Oxford Bees

Moving hives

The end for Colony 11

Submitted by will on Sat, 08/09/2018 - 17:54

I moved Colony 11 to another site in the hope that it would recover. I put honey in a feeder to bolster it. It didn't stop the robbing, although it did significantly reduce it.

Yesterday I plucked up courage and actually examined the comb in the brood area. There were no brood and I couldn't find a Queen. I decided that there was no point feeding wasps or other bees. It was time to combine Hive B (Colony 11) with Hive A (Colony 1).

Colony 11 moved and apparently fine

Submitted by will on Sat, 01/09/2018 - 05:45

I moved Colony 11 on Thursday night (30th Aug). The move was simple and worked smoothly. I removed empty supers during the day and then strapped up the hive. I then waited until after dusk, blocked the entrance and then lifted the whole hive down to a waiting car. At the other end it was simple too. After half an hour on the stand in my garden I opened the door to the hive. No drama.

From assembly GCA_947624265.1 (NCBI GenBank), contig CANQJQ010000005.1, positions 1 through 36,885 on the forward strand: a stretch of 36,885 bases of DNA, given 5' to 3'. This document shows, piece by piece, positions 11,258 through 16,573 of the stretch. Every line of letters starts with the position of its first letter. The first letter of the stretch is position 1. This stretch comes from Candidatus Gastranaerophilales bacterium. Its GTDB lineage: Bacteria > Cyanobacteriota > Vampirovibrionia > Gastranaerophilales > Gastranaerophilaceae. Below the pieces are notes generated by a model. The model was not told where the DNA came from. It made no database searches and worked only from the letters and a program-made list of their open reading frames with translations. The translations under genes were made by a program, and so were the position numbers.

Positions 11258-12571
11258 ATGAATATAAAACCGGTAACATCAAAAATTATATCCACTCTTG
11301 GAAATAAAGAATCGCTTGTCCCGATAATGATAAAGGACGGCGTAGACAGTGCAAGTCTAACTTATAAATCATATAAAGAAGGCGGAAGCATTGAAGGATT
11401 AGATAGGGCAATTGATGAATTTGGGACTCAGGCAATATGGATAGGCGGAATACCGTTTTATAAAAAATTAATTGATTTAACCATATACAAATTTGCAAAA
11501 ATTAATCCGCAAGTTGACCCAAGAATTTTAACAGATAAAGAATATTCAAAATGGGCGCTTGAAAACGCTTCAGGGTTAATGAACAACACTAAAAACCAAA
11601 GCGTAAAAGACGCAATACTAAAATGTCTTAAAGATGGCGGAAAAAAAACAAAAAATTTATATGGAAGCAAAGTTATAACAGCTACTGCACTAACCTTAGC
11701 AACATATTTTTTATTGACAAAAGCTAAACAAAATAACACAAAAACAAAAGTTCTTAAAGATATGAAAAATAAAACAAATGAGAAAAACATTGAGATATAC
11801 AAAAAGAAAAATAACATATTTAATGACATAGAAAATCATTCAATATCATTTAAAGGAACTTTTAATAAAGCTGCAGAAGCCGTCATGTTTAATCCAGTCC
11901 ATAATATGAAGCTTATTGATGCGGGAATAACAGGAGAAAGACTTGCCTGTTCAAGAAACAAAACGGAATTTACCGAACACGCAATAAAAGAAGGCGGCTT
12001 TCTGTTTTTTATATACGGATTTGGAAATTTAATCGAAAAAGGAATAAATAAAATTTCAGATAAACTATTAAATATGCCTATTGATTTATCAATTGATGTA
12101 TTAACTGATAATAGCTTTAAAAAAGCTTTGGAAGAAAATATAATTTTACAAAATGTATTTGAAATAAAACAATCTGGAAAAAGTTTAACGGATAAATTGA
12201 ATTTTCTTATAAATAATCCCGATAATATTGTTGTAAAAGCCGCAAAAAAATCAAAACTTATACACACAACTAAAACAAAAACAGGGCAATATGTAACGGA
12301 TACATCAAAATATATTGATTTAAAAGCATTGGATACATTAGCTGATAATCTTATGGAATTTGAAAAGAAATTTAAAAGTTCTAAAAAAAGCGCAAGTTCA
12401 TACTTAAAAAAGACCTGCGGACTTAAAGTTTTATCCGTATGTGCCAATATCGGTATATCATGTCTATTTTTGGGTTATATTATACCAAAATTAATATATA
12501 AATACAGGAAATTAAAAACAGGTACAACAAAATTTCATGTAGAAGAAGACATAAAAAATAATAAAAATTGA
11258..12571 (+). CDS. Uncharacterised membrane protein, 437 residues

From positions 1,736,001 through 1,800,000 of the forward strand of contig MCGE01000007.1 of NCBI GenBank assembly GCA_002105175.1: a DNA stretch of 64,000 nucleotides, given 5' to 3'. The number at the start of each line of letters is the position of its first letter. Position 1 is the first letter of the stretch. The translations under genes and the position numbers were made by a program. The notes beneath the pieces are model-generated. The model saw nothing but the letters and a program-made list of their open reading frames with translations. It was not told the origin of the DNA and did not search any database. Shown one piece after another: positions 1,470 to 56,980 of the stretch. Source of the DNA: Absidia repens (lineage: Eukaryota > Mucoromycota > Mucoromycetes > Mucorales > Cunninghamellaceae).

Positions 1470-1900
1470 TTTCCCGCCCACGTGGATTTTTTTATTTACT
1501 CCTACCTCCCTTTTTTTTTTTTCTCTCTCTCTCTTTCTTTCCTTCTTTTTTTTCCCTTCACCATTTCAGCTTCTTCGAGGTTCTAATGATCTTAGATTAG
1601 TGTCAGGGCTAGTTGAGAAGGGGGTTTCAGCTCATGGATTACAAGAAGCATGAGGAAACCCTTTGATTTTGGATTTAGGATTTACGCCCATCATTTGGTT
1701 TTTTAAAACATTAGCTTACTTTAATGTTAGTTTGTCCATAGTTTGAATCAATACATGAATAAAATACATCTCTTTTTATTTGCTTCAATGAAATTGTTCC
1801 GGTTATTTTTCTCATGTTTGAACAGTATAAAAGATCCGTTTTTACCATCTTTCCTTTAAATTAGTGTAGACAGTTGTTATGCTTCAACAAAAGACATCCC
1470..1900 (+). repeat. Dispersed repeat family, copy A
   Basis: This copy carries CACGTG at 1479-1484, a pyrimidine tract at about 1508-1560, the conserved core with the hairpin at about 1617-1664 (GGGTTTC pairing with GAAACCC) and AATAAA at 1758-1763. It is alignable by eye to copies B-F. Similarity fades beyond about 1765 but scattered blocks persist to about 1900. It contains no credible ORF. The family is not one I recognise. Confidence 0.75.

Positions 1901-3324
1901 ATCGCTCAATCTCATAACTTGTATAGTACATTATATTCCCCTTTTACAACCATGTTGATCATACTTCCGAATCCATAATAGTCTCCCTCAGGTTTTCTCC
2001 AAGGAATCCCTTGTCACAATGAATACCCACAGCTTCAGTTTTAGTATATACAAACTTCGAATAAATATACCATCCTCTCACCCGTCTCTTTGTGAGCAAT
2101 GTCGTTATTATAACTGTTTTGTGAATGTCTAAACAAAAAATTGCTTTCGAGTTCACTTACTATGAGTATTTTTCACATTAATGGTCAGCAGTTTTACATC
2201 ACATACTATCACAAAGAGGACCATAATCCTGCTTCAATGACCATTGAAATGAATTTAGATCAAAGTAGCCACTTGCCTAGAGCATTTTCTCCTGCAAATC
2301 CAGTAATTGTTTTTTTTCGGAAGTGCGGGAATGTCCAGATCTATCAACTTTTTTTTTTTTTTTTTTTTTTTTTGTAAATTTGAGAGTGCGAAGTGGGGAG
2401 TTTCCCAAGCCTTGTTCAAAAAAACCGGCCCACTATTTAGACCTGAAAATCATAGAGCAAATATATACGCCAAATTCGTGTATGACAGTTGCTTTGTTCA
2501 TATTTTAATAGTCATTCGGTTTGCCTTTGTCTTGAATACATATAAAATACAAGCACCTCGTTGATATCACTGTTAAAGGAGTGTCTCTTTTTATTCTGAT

Yesterday morning (Friday) there were orientation flights leaving from the hive. All day there was activity. The bees were not even slightly defensive. I will look out for pollen coming in today.

Moving hives

Submitted by will on Sat, 13/05/2017 - 11:06

Last night I moved Hive E to my out-apiary and returned Hive B to my home. The move went well with no problems.

Hive E contains the feral swarm from Barton caught at the very start of August 2016. It built up strongly before Autumn and is now a vigorous colony. I wanted it to be in central Oxford where its' strength is a match for the position - lots of forage but a big climb to the roof. I wanted Hive B to be in my garden where it can quietly tick along without bothering family or neighbours.

There are dangers in moving an occupied hive: